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Short Circuit operators and Bitwise operators

 
Vinal Kalyan
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Hi,

I am having trouble understanding what happens when short-circuit operators and bitwise operators are combined in an expression producing a boolean result. The following code has both a && operator and a | operator.

I thought that the following code would update the count variable to 1, because the ba.b[++ba.count] | true would be first evaluated because " | " holds higher order of precedence than " && ". However, I found out that it does not evaluate that all, and short-circuits, with the count variable not being updated.

public class BoolArray {
boolean [] b = new boolean[3];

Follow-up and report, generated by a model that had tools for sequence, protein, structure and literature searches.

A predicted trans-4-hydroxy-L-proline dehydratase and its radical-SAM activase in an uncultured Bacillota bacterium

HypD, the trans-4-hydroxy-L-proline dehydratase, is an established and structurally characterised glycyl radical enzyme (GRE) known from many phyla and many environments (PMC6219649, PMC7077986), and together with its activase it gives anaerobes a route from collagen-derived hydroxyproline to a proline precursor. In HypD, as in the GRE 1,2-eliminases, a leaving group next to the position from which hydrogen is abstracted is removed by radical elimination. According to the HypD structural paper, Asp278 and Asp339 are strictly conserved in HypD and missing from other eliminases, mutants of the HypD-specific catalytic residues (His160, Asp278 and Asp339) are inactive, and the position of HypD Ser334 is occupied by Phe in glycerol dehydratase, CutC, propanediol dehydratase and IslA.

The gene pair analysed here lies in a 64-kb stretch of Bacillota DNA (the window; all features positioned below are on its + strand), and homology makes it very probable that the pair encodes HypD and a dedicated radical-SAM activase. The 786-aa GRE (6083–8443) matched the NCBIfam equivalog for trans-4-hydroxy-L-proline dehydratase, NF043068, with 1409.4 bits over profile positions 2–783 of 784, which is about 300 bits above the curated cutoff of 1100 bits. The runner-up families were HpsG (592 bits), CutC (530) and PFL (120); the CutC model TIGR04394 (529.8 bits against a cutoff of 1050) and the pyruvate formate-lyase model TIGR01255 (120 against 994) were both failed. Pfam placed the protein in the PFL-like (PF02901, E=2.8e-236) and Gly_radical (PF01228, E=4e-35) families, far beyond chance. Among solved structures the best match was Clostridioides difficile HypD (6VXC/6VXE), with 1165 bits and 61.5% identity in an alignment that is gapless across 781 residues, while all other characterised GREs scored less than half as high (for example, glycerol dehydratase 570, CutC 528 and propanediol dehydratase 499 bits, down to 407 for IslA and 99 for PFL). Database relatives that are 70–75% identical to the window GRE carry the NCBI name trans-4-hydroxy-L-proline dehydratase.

int count = 0;

public static void main(String[] args) {
BoolArray ba = new BoolArray();
ba.b[0] = false;
ba.b[1] = false;
ba.b[2] = false;

if (false && ba.b[++ba.count] | true) {
System.out.println("We are here");

}
System.out.println(ba.count);

Thanks

Vinal.
 
Jeff Bosch
Ranch Hand
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By having "(false&&", the condition is automatically false and will go no further in evaluation because you've told the compiler to use the shortcut operator. Had you used "(false&" it would continue evaluating.

That's my story and I'm sticking to it...
 
Bert Bates
author
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Disclaimer: I didn;t read either the question OR the answer in any detail...

I would like to say however that if you're studying for the Tiger exam you don't need to worry about the bitwise operators.
 
It is sorta covered in the JavaRanch Style Guide.
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